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WORDS

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Jesus answered, “It is written: ‘Man shall not live by bread alone, but every word that comes from the mouth of God.” Matt 4: 4.  It is true, God’s words are powerful. The universe and all of life in it came into being at his word.

SCRABBLE & BABBLE   If you play scrabble, then a good knowledge of words will stand you in good stead.  Some of the highest scoring words used in competition have been bezique, muzjiks, caziques and quixotry.  But what do they mean?  Unless you can understand or have a use for unusual words there isn’t a lot of benefit in knowing them, except of course, for use in Scrabble. Great writers can use words to create pictures that transport us to another time and place.  Think of Charles Dickens, C.S. Lewis and J.R.R. Tolkien … don’t their stories seem so real?  And when you see their books adapted for the screen, are the characters and places as you have imagined them?  Good authors craft their words to create a picture in our minds of the places they describe, so you can see, hear, smell and almost touch what they write about, and feel the emotions of the characters?  And what about newspaper journalists, … can they persuade you to their point of view, just using the written word?
One or two words in themselves can create pictures.   A current favourite of mine is argie bargie, and what does it conjure up in my mind – a mob of little Jack Russell Terriers chasing a lure, all wanting to be in front, all jockeying for position and all giving the other dogs ‘the eye’!  Originally the words were argle bargle, which meant to argue.  Nowadays argie bargie suggests a bit of push and shove.
     
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A song. A Psalm of David. ‘My heart is steadfast, O God; I will sin g amd make music with all of my soul. Awake harp and lyre!…for great is your love.’ Psam 108: 1 – 4.
    Supercalifragilisticexpialidocious – remember when that word hit the airwaves in the film Mary Poppins!  And can you say it backwards?  And how about this word— pneumonoultramicroscopicsilicovolcanoconiosis It is a real word and refers to a lung disease contracted from the inhalation of very fine silica particles specifically from a volcano, and is also the longest word in any English dictionaries. Words describe diseases, but can also cause dis-ease – ever had a bout of motor-mouth or foot-in-mouth syndrome!   I blush now as I think of the times I wish I had ‘zipped-the-lip’! IN GEAR James Chapter 3: likens the tongue to an unbridled horse.  An unbridled horse can be controlled by the rider, but it requires a fully submissive horse, fully listening and fully obedient.  Does that describe your tongue, fully in control?   It doesn’t describe mine, especially when I am tired or in a situation I don’t want to be in.  My tongue certainly needs my full attention whenever it is in gear. I’m glad that God’s Word has words like love, grace, forgiveness; words we can all understand and don’t need to look up in a dictionary or google on the web to find out what the heck they mean.  (What does google mean?) I like the fact that their meaning doesn’t change as with some of the words in current use today.  I suspect that Gay/Gaynor is no longer used as a girl’s name.  I’m glad and relieved, that justified still means that my standing with God is ‘just-as-if’ I had never sinned.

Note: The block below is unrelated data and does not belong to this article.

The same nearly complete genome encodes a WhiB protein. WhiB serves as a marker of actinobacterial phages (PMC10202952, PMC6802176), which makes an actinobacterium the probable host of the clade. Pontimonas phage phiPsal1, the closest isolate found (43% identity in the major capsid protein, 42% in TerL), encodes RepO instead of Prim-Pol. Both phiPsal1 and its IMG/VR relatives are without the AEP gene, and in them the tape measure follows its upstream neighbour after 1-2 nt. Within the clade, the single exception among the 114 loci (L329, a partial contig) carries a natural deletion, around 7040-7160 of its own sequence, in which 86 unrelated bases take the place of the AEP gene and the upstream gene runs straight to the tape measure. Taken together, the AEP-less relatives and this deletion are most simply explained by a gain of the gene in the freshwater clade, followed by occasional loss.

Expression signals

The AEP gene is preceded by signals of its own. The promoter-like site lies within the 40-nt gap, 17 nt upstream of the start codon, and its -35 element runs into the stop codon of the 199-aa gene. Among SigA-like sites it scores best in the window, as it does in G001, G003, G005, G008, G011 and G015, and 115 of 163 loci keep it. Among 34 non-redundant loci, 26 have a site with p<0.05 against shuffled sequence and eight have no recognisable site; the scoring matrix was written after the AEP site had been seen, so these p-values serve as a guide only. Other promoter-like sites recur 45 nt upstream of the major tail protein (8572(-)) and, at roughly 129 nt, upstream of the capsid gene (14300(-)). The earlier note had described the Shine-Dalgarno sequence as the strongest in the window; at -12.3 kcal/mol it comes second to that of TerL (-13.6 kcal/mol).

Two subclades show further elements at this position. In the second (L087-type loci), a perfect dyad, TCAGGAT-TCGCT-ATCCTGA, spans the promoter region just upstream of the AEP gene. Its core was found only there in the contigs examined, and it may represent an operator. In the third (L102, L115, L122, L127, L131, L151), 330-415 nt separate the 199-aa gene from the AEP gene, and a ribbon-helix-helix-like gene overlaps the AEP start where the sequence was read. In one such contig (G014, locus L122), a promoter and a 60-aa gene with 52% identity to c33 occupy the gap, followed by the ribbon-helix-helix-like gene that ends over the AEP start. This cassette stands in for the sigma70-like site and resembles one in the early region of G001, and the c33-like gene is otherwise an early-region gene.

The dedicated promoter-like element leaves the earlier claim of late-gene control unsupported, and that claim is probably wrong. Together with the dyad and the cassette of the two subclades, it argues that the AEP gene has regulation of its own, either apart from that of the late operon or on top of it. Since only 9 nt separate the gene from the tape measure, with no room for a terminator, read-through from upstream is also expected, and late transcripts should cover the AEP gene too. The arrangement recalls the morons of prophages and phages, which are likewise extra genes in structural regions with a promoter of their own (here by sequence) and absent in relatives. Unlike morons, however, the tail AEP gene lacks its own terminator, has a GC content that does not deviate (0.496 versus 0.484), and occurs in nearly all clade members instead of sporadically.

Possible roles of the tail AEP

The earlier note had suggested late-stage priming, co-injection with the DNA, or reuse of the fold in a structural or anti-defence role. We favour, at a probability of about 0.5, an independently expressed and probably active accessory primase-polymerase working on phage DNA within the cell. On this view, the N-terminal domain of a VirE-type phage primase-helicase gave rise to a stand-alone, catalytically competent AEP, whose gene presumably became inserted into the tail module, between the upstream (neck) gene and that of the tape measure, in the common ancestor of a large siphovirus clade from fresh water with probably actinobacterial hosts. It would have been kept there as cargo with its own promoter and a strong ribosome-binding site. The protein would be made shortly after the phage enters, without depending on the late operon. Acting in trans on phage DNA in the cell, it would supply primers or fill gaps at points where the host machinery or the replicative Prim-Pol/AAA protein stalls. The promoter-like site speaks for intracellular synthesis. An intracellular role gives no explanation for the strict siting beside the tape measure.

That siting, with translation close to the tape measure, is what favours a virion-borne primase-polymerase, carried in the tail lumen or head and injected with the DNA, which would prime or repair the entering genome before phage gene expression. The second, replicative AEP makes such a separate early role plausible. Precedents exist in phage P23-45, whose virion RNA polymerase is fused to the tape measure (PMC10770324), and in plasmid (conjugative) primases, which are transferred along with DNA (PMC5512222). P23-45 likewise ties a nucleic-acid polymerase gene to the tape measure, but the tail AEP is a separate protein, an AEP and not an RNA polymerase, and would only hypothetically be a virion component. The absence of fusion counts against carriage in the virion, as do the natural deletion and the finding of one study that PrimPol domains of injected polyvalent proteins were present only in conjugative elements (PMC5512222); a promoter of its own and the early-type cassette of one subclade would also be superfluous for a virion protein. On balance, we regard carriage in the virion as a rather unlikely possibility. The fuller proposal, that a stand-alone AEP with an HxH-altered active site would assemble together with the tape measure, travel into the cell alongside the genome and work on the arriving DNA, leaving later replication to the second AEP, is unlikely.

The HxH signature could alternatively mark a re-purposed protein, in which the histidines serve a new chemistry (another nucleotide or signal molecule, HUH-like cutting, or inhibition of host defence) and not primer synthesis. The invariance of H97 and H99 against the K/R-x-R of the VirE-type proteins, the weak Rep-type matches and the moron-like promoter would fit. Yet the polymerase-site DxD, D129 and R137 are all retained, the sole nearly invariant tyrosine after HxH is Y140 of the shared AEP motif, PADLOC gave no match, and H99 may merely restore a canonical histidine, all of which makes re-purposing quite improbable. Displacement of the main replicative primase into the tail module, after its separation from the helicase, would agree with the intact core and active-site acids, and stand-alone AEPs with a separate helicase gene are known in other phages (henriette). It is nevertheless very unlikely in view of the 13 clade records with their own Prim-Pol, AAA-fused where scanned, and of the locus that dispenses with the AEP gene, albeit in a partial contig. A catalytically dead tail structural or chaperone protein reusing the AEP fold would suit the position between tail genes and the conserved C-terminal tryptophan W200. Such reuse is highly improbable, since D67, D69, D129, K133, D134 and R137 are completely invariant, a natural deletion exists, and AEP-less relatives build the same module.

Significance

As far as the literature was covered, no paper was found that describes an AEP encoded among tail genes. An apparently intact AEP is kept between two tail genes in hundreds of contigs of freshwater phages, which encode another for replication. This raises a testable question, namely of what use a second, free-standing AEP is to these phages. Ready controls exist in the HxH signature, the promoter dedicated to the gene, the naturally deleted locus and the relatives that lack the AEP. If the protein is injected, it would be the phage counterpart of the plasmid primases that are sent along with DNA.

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‘But the word of the Lord stands forever.’
1 Peter 1: 25 
I also like God’s definition of forgive, to ‘cease to demand punishment’, and that when He says He has forgotten the sins of those who come to Him for forgiveness, means He is ‘unable to remember’ what they are talking about.   This seems to be the only time we can say we remember more than God.  Perhaps we should come in line with God’s definition when it comes to remembering our sins? What power and hope is found in God’s Word … the Word itself is Life, Jesus is the Living Word of God and as we read He reveals himself to us.  When we know Him, then we know we can believe the promises His Word gives each of us.
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‘Your word is a lamp to my feet and a light for my path.’Psalm 119: 10. When we are at a loss to know which way, God through his word will say, ‘This is the way, walk in it.’